A lot of social media practitioners, consultants and “social media experts” complain about people constantly asking to “pick their brain”. Most of the posts complain about people asking for free advice and explain in great detail how and why this is offensive.
While I agree with these posts, many years ago I received some GREAT advice about how to handle these requests.
When someone asks you for help, give them something to do first. Some small first step that they have to complete before you spend your time helping them.
Here are some examples:
Request: Krista, I’m looking for a new position and I was wondering if you could introduce me to some people.
Response: I’d love to help you. Can you take a look at my LinkedIn network and identify a few people who I am connected to who could help you?
Request: I have a startup and I think we need to use social media. Can I pick your brain about what we should consider?
Response: Sure. I wrote a few blog posts about this topic already that I think would be helpful. Could you read them first, let me know your thoughts and then we can schedule a meeting.
Response: Social media is great for startups. Could you send me links to social media accounts of some of your biggest competitors? I’m curious to see what they are doing.
Why This Works
This strategy works for a number of reasons:
1) If I’m going to invest my time I want them to invest theirs.
- It is easy to ask for advice or for a favor. Asking the other person to do a small amount of work before you invest your time shows that they are really interested. It also shows that they really value and want your help since they are willing to do the follow-up step that you suggest before you dive in and help.
2) They are more likely to take action.
- I really don’t mind occasionally meeting with people to help them out. Lots of people helped me with advice to get to where I am. What annoys the heck out of me is when I spend my time giving someone free advice that they don’t follow.
- Asking them to do something upfront shows that they can follow-through on something.
3) It shows that you are thoughtful and value your time.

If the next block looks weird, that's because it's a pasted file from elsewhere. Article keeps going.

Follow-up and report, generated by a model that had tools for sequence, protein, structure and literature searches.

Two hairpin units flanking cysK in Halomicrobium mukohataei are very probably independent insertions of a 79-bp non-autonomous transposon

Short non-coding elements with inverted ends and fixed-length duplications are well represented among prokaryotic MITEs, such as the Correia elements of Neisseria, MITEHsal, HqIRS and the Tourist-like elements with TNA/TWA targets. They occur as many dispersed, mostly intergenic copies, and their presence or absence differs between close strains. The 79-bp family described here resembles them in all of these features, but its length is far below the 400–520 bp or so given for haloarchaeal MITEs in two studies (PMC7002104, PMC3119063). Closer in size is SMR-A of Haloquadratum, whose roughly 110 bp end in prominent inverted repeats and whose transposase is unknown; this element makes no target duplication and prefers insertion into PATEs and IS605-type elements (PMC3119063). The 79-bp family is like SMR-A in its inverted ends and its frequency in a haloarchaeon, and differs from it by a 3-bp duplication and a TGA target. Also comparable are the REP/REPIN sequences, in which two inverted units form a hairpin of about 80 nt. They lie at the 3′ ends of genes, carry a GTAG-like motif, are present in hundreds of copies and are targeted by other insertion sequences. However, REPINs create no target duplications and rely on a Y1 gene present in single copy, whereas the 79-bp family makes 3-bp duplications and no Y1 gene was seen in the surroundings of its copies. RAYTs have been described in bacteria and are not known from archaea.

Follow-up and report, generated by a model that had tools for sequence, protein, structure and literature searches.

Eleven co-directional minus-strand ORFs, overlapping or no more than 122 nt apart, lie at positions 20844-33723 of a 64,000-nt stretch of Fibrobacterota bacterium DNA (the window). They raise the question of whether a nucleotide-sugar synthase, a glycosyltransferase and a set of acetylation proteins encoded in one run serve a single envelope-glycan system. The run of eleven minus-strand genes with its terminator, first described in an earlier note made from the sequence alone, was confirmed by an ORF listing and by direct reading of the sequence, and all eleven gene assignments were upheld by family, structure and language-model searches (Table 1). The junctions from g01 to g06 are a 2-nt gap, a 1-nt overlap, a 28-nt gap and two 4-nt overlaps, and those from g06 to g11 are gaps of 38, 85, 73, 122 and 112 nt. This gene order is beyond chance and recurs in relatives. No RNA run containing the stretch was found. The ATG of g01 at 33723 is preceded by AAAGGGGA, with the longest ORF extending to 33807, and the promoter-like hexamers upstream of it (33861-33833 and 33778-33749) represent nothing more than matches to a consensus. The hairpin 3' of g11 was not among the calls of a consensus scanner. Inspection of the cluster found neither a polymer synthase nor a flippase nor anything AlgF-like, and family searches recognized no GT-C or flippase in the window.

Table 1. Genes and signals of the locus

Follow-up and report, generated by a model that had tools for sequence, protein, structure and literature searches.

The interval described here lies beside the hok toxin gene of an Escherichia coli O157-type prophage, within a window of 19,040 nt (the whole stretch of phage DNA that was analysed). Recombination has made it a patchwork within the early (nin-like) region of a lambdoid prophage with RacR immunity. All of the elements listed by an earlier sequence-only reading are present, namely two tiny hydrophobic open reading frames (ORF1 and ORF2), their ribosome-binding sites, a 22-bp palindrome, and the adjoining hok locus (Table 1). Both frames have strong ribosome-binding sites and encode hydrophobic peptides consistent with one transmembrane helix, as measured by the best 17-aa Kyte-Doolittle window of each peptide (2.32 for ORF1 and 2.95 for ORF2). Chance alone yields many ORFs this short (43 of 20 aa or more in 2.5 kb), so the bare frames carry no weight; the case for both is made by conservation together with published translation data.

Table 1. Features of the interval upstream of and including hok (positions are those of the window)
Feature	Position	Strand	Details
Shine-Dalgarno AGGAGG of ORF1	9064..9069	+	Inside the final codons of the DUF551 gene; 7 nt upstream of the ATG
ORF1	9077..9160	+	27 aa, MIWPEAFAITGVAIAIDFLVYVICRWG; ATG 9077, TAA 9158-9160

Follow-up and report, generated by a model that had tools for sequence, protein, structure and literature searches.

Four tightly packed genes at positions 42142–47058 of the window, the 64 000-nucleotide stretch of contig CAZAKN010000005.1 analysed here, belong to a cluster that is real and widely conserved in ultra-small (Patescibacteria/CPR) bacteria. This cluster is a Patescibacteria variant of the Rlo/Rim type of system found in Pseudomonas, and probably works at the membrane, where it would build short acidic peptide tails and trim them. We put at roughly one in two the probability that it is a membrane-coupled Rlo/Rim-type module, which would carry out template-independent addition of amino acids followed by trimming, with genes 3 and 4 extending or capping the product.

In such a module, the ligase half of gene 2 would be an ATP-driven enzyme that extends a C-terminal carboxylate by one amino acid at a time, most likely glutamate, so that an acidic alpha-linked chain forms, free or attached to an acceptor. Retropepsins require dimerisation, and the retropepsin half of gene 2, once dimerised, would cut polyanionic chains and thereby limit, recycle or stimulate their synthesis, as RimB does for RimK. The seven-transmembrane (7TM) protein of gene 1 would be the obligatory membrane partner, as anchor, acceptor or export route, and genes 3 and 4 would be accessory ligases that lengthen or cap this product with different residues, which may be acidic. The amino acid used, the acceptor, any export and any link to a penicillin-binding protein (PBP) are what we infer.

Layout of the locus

- It is so easy for people to ask for advice or opinions. A lot of the people who ask for advice don’t realize that they are asking you to basically do your job for free. I like to use this approach because it shows that I have considered what they asked me for and have given them a thoughtful and specific next step. This shows that I value my time, even though I will give it to them for free.
4) Most people don’t do it.
- The reality is that in my experience well over half of people don’t follow through with the simple next step. This weeds out requests that would be a waste of my time since the person doesn’t have great follow-up. It also lets me focus my time on helping people who are action oriented and willing to invest their time when they ask for mine.
5) You don’t have to say no and get all cranky.
- I don’t really like saying no to people – even when they ask for free advice. This helps me to not have to say no and feel like a jerk.
- I know some social media experts who are highly offended by requests for free advice and often respond with cranky rants along the lines of “How dare you ask for free advice?!?! Don’t you know this is how I earn a living?!?!?! Have you no common decency?!?!?!”
6) It is nice to help people sometimes. Even for free.
- I got into what I do because I actually love it. I love talking about social media. I love helping businesses and people. I got to where I am because a lot of people helped me along the way. I’m happy to give back.
This approach has helped me tremendously – I wish I could remember who suggested it to me initially. Giving the requestor a simple next steps shows if they are willing to do something prior to me investing my time. As a bonus I don’t have to say no 😉